While arguments from either side of the issue of victimization may very well continue to remain a matter of opinion, it can be universally agreed that the actions of the Zeta Beta Tau members were resoundingly wrong based on natural principles. Another's body is not to be disrespected and sexually exploited for one's gain. Thus, continuing to allow such students the privilege to prowl a college campus rather than face expulsion appears a rather questionable decision set forth by Cornell elites.

Cover Image Credit: Guest of a Guest

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It Is Time To Bring An End To The Hate Between Liberals And Conservatives

The most important thing regarding the human condition is to treat each other with kindness.
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I think it is time to address the lack of respect each political party holds for each other. Neither party is innocent in my eyes.

I will begin by saying this: I currently identify as liberal because that is where most of my political views lie. However, I am disgusted by the behaviors enacted by some of the liberals my age.

Being a member of the University of Washington community has placed me among many liberal individuals who share similar views as me. Unfortunately, from several of my peers I have heard comments such as "I hate conservatives," "Conservatives are so stupid," and "I do not ever want to be around conservatives." I am guilty of saying phrases like these as well. I am sure some conservatives have said similar statements about liberals.

But now, the hate needs to stop.

I was reminded of the violent hatred between liberals and conservatives when the conservative group Patriot Prayer recently came to visit the University of Washington. Naturally, their presence attracted a protest that some UW students attended.

I had no desire to attend the protest because of the possibility that it could result in violence. Additionally, I did not think a protest would be beneficial to anyone.

A couple of my friends decided to attend, however. I remember watching short videos of the protest they filmed and put on their Snapchat stories. One particular video disgusted me.

The video showed a man surrounded by a group of people. He was trying to walk through the group but was repeatedly being shoved by people from several directions, almost getting pushed to the ground. In the background people chanted, "Nazis are not welcome here."

I do not know exactly what prompted some protesters to call the people there, specifically this man, Nazis, but this behavior is unacceptable. I was appalled. Are these really some of the people I go to school with? Are these really some of the people who claim to promote and fight for equality and love for all? I just know this: that kind of behavior is not what love looks like.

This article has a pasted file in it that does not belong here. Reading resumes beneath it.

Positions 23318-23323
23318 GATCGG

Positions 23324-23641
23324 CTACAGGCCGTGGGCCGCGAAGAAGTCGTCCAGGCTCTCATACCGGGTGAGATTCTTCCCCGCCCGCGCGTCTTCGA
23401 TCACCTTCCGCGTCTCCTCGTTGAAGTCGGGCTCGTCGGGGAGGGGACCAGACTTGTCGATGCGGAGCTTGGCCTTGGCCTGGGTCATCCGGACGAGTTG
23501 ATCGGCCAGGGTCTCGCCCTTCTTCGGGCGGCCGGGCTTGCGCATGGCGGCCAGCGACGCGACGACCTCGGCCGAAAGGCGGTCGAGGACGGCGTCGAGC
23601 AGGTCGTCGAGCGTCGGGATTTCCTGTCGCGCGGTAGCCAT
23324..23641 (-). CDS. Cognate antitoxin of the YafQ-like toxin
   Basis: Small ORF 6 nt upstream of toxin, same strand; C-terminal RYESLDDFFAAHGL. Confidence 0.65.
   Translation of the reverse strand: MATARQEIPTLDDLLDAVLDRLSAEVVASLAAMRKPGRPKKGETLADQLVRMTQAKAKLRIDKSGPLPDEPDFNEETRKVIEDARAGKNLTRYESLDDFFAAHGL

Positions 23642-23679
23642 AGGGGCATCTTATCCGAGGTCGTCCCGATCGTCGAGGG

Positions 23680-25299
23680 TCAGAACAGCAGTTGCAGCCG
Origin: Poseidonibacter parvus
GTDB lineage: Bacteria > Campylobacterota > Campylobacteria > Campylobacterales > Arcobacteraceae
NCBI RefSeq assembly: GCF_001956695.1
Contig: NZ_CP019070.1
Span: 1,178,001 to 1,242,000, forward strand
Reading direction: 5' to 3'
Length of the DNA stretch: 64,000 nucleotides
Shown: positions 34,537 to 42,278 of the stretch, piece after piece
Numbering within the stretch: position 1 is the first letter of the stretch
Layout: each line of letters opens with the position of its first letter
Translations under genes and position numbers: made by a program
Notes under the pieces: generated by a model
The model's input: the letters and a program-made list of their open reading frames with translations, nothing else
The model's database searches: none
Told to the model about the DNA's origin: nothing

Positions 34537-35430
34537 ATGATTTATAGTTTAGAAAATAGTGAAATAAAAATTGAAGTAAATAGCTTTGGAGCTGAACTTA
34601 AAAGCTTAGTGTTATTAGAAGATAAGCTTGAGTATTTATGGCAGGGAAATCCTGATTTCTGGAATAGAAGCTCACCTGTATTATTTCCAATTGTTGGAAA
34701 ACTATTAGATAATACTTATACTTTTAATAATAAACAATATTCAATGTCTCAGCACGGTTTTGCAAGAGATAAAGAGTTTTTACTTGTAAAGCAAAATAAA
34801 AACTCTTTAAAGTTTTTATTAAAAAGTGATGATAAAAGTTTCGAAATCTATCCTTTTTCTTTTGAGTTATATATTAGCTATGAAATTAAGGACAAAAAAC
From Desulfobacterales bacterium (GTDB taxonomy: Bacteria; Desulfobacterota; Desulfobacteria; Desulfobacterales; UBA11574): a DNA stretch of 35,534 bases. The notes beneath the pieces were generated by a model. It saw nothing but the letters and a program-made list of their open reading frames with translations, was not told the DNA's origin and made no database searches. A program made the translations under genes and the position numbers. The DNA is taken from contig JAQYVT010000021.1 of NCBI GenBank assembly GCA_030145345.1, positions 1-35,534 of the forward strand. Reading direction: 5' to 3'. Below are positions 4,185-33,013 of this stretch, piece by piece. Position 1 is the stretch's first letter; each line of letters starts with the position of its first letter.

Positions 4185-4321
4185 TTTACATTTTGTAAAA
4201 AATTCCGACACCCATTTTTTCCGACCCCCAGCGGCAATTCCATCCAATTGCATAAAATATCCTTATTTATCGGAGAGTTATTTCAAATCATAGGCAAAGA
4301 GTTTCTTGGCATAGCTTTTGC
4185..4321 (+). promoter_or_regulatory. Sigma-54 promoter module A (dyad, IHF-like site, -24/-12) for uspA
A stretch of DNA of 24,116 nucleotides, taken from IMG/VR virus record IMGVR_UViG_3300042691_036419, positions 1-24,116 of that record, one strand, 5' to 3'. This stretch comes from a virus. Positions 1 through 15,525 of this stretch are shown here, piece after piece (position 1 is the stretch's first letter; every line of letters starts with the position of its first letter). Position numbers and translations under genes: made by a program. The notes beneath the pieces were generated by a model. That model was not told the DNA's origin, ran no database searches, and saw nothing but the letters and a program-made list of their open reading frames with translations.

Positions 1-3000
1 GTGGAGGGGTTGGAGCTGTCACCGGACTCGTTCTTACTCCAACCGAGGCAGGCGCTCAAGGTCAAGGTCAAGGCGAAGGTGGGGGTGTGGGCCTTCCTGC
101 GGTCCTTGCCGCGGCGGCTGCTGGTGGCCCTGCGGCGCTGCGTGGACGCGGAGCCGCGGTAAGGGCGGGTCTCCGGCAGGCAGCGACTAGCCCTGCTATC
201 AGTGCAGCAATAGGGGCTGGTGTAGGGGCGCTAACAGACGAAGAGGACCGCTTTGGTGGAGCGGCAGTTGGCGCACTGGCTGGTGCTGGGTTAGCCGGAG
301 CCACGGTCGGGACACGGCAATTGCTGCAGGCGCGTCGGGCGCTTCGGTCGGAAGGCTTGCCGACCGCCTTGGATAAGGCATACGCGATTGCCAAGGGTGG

It is perfectly okay to disagree with someone else's opinion - there is nothing wrong with that. Disagreements provide opportunities for debate. They challenge our ideas, causing us to consider other perspectives and to reevaluate our own, ultimately resulting in growth. Regardless of whether or not our own opinion changes, we are provided with a more in-depth look at an alternate view.

However, disagreeing with someone else's opinion does not give one the right to harass or assault a person. Nothing gives one the right to do that. Acting in this way is rude, dangerous, and hurtful to people. It also affects the way outsiders view the person committing the harassment, and the group they identify with.

How can we expect to bring an end to harassment and assault if we engage in those behaviors as well? How can we expect to drive out hate by acting this way? I fear we are forgetting how to treat each other with respect and dignity. There should not come a day where we have lost all human decency.

I believe it is occurrences like this that paint liberals in a bad light in the eyes of conservatives, even though this behavior is not representative of all liberals.

Though neither group is entirely absent of violent behaviors, it is important to remember this: the actions of one conservative do not reflect conservatives as a whole, and the actions of one liberal do not reflect liberals as a whole. Both groups have toxic members just as much as both groups have loving members. One member does not define the entire group.

We need to reevaluate our actions. We need to reevaluate the assumptions we make about other groups. We need to consider the reasons why people have the beliefs that they do.

Whether a person's beliefs were instilled in them during childhood from the way they were raised or have been shaped by their experiences, it is important to recognize that not everyone will see the world the way we do. Each person sees the world through their own lens.

That being said, the most important thing regarding the human condition is to treat each other with kindness.

Cover Image Credit: Everypixel.com